Zoo Corps teen interns Garrett Brenden and Ariel Thompson stood at the edge of a pond in a south Puget Sound protected wildlife area yesterday and released from their hands something precious…hope for the endangered western pond turtle.
Garrett (shown above) and Ariel have been working alongside zookeepers to raise 76 western pond turtles behind the scenes at the zoo as part of a headstart program to recover their wild population. Turtle hatchlings are collected from the wild then raised here until they are around 2 ounces—large enough to escape the mouths of bullfrogs and large-mouth bass—giving them an edge on surviving in the wild.
Each summer, we take trips to several protected wildlife areas and release these headstarted turtles back into the wild where we continue to monitor them. Since starting the program in 1991, we’ve seen the population of western pond turtles grow from a dangerously low 150 to now 1,500—a positive sign that this collaborative recovery effort is critical in helping these little creatures make a comeback. Here is a look at yesterday's release with Garrett and Ariel along with Woodland Park Zoo and Washington Department of Fish and Wildlife staff:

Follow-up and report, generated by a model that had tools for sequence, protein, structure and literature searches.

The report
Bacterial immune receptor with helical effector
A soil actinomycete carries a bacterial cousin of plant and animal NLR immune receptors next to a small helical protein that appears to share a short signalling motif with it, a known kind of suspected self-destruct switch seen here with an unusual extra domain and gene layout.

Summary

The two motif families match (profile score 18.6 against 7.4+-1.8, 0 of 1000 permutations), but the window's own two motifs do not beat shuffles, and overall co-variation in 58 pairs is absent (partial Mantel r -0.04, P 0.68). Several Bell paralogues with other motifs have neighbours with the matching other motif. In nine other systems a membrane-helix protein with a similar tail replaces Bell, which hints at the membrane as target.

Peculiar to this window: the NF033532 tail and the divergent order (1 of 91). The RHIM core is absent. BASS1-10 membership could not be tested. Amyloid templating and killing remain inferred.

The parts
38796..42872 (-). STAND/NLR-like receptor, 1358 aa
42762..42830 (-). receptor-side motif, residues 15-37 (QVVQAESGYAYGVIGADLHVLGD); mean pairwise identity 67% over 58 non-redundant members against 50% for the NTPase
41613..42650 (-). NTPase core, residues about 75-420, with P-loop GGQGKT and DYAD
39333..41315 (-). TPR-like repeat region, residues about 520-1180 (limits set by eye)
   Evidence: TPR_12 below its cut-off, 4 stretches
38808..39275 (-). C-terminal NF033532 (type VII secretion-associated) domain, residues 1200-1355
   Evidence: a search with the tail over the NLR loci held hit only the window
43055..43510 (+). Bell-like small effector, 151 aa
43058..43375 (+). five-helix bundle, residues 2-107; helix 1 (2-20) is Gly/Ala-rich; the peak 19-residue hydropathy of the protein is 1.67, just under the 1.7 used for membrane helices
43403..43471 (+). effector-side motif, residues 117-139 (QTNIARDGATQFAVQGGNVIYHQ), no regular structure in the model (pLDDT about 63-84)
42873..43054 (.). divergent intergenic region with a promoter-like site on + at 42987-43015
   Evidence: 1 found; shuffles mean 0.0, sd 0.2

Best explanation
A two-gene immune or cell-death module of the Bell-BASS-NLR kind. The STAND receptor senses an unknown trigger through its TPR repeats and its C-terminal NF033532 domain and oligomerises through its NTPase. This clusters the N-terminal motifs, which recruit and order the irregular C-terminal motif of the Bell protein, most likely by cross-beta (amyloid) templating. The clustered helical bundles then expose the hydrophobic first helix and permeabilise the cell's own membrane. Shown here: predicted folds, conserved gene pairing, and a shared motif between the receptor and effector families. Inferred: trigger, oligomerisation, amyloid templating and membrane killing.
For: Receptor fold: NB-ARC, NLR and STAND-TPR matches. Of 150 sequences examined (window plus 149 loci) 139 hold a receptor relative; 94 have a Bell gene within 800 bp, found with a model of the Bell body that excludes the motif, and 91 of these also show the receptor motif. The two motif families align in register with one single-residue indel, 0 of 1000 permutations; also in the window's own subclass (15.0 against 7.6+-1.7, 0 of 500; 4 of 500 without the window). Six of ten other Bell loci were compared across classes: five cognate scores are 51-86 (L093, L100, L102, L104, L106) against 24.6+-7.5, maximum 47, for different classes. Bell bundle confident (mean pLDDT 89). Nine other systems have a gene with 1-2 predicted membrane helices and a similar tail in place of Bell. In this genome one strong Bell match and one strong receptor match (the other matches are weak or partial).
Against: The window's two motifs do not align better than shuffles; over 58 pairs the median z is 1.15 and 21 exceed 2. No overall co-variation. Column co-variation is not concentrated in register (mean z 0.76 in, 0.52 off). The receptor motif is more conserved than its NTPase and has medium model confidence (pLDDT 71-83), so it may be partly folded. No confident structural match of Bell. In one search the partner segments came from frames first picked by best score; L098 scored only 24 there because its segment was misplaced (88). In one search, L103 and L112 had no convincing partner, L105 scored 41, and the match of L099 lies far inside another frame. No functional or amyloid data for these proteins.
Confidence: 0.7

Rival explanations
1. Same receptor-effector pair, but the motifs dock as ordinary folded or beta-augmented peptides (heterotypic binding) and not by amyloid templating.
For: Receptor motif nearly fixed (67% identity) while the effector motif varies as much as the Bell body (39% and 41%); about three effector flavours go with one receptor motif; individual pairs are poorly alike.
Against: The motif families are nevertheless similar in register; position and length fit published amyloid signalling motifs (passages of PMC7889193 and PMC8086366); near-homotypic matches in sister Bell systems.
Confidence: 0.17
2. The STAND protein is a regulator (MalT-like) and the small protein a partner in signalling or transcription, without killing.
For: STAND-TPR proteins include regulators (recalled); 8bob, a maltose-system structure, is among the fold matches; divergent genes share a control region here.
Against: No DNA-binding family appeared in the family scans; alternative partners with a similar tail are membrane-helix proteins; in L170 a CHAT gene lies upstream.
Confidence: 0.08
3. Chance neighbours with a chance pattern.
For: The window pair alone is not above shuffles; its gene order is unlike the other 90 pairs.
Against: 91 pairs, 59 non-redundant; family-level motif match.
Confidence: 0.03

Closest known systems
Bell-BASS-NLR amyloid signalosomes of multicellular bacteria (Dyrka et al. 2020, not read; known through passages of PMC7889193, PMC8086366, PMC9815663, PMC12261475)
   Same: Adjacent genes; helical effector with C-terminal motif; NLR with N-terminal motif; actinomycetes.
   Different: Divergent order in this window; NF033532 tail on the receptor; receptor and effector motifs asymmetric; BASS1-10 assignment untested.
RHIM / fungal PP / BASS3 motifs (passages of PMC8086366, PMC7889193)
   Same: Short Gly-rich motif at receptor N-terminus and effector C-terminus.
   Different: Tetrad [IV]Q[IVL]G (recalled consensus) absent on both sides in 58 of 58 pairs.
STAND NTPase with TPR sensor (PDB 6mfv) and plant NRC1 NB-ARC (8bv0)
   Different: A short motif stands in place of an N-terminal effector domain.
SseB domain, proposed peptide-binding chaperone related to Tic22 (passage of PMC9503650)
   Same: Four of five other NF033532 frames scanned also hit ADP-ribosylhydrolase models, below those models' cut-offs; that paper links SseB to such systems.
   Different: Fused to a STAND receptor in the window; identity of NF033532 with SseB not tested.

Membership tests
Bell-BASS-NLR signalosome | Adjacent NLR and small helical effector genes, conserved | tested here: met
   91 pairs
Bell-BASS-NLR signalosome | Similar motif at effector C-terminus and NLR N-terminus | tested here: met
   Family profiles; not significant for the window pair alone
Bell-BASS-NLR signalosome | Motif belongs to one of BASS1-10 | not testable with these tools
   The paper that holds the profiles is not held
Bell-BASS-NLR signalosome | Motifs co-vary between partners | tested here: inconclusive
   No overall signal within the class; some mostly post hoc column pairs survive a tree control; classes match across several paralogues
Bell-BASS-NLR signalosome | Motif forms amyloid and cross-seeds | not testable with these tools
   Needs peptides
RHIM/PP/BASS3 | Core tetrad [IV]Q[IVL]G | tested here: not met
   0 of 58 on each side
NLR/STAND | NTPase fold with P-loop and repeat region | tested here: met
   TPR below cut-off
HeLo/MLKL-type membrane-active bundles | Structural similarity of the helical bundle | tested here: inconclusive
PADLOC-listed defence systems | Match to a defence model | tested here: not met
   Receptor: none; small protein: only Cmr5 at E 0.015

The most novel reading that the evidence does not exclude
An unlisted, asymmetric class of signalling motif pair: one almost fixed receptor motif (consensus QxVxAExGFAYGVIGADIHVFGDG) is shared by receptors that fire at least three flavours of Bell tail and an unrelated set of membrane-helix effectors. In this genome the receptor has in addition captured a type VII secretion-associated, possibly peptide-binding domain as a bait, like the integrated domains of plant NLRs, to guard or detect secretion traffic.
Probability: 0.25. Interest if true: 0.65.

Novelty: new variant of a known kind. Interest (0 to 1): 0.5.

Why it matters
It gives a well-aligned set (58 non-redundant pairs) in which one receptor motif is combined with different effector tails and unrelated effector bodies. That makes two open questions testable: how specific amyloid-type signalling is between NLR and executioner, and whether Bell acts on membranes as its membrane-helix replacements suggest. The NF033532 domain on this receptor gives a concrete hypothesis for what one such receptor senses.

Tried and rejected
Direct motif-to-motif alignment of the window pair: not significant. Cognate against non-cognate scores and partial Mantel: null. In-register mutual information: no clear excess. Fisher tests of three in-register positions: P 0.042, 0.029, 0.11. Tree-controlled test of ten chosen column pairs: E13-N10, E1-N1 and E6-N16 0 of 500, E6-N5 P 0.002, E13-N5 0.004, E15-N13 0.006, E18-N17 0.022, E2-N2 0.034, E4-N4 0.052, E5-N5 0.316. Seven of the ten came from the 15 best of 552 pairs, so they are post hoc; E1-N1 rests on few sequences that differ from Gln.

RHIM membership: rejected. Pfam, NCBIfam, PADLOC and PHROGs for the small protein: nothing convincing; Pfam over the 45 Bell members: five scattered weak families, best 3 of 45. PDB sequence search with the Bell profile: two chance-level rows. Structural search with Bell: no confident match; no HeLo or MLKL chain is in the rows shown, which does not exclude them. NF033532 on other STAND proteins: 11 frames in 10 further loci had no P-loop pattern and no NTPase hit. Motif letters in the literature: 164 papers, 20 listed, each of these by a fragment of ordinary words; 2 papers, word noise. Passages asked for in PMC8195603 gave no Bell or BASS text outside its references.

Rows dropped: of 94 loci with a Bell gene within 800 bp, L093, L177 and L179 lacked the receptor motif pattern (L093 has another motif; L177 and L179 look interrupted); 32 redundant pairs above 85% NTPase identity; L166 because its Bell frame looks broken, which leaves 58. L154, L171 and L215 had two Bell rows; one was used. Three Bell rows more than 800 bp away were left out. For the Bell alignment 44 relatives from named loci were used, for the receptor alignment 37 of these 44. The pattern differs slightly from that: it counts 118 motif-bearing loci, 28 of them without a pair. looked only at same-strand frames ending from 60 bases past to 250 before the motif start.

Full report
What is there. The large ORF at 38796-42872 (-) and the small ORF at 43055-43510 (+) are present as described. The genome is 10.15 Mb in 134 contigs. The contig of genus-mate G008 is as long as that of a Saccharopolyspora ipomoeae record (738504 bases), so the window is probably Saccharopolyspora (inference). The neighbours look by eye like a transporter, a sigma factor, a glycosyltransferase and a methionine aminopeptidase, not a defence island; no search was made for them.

“It was wonderful to come into this project almost 20 years after it started because not only can we see the tremendous progress it has made, but also imagine the future impact the newly released turtles will have on this project after we leave,” said Ariel, shown below getting ready to release one of the turtles.
There’s a powerful moment that happens when you open your hand and hear the first plop of the turtle’s legs reaching the water, heading into its new life filled with challenges yet also hope…for the individuals learning to survive and breed in the wild, and for a species coming back from the brink. Congratulations to Garrett and Ariel for all their hard work leading up to that moment and for helping to build a future for this species.
The Western Pond Turtle Recovery Project is a part of Woodland Park Zoo’s Partners for Wildlife conservation initiative, an expansion of the zoo’s efforts and resources in proven wildlife conservation projects. The zoo currently partners with 37 field conservation projects in more than 50 countries around the world. The Zoo Corps teen volunteer program gives motivated teens from diverse backgrounds the opportunity to develop useful skills, increase their knowledge of animals and habitats, and expand their conservation awareness, in a supportive, fun learning environment. If you think this experience may be right for the budding scientist or young nature lover in your life, bookmark this page and look for the next round of applications available later this year.
Photos by Ryan Hawk and Rachel Gray/Woodland Park Zoo.